Former Holt GP ready for take off in replica Red Baron plane

The triplane on its test run. Pictures: Peter Brueggemann

The triplane on its test run. Pictures: Peter Brueggemann - Credit: Archant

It's taken about 10 years but a replica of First World War German ace, Baron Von Richthofen's triplane is now ready to fly.

The triplane. Pictures: Peter Brueggemann

The triplane. Pictures: Peter Brueggemann - Credit: Archant

The original soared daringly above the carnage on the battlefields, bringing conflict to the skies.

Now, more than a century later, a full-scale replica of the Red Baron's vivid scarlet-coloured triplane will be launched next month.

Peter Brueggemann, from Briston, has painstakingly recreated the Fokker DR1 Dreidecker (triplane) Manfred von Richthofen.

The former Holt GP said: 'It's a dream come true. As a boy of 12 I was building a plastic model of it. I was fascinated by it.

Peter Brueggemann working on the replica.PHOTO BY SIMON FINLAY

Peter Brueggemann working on the replica.PHOTO BY SIMON FINLAY - Credit: SIMON FINLAY

'When I came to England to work as a doctor I went to Duxford airfield to find out how to build it.'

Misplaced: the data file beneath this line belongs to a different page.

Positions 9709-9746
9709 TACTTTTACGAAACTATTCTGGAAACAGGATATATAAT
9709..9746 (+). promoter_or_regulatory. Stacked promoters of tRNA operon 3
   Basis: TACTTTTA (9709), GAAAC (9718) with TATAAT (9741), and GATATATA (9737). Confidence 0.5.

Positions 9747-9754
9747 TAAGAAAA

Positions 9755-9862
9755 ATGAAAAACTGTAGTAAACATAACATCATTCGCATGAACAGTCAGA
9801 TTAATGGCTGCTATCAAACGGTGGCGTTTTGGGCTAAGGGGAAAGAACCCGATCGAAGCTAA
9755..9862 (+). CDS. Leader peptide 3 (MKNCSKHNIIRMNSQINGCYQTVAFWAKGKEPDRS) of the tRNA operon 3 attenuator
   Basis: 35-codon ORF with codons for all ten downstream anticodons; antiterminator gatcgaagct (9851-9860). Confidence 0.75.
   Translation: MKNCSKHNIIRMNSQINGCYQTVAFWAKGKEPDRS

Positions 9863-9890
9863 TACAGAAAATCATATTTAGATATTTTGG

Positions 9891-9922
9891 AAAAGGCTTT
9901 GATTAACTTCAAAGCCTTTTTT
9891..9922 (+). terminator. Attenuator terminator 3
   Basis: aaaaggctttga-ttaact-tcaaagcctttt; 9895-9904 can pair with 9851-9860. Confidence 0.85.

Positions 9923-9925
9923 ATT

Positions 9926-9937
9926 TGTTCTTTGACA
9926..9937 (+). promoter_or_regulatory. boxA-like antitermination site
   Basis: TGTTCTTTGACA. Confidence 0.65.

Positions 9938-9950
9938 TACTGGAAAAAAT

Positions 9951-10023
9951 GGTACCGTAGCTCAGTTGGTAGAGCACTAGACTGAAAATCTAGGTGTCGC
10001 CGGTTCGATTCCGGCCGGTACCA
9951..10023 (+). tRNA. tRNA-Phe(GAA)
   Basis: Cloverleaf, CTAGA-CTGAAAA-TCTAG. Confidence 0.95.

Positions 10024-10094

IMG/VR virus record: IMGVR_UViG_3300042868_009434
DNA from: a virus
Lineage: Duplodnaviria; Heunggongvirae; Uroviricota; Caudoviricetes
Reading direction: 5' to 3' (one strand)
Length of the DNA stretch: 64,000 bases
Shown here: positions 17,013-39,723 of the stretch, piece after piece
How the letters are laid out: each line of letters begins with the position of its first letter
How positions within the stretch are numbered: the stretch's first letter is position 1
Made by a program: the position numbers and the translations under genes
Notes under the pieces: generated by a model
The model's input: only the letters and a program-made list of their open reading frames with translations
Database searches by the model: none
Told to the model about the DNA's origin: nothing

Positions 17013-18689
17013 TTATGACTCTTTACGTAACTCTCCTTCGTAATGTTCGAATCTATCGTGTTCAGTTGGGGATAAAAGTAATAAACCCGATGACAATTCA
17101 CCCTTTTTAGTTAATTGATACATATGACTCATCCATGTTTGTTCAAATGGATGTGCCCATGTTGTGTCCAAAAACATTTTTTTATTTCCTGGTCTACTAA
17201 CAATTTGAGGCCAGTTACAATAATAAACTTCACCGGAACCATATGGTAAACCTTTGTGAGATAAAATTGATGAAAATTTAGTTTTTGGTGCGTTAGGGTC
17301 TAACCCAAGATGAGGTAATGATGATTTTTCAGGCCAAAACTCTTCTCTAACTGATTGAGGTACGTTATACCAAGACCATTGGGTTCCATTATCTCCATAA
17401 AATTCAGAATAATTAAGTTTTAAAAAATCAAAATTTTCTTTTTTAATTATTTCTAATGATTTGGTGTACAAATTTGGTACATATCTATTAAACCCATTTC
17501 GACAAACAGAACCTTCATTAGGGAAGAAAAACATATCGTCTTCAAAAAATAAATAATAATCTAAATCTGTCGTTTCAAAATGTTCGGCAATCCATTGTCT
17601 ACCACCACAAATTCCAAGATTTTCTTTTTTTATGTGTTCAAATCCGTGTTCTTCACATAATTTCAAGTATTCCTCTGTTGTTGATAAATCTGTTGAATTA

All the original planes were destroyed or lost, so the doctor had to buy technical drawings created in 1976 by American aviation fanatic Ron Sands, who made detailed plans for several wartime planes.

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Mr Brueggemann, 55, said: 'There were about 25 pieces of paper on how to build the wings, fuselage and the engine.

'I'm not an engineer. I'm a doctor by trade, so a few things I needed help with, from an engineer.

Peter Brueggemann, pictured in 2016, has created a replica of The Red Baron's First World War flying

Peter Brueggemann, pictured in 2016, has created a replica of The Red Baron's First World War flying Fokker Dreidecker. It is now ready to fly. PHOTO BY SIMON FINLAY - Credit: SIMON FINLAY

'I had to take it step by step and this year it all came together.

'The Light Aircraft Association inspected it and a test pilot carried out a five-hour test programme flight. It was checked for stalling, diving, landing, and it passed.

'Then they sent the paperwork to the Civil Aviation Authority (CAA).

'I have not flown it yet. I need to wait for the right weather. It's the same plane from 100 years ago but with a more modern engine. In 1917 flying was only just starting. I need to wait for wind to come down the runway. I don't want any crosswinds or turbulence.'

Now an Aeromedical Examiner appointed by the CAA at Norwich Airport, the trained pilot has been preparing for the maiden flight in a 1930s Tiger Moth.

He is launching the triplane at Felthorpe Airfield, where it's kept, on August 28. There will be other old aircraft also displayed there on the day.

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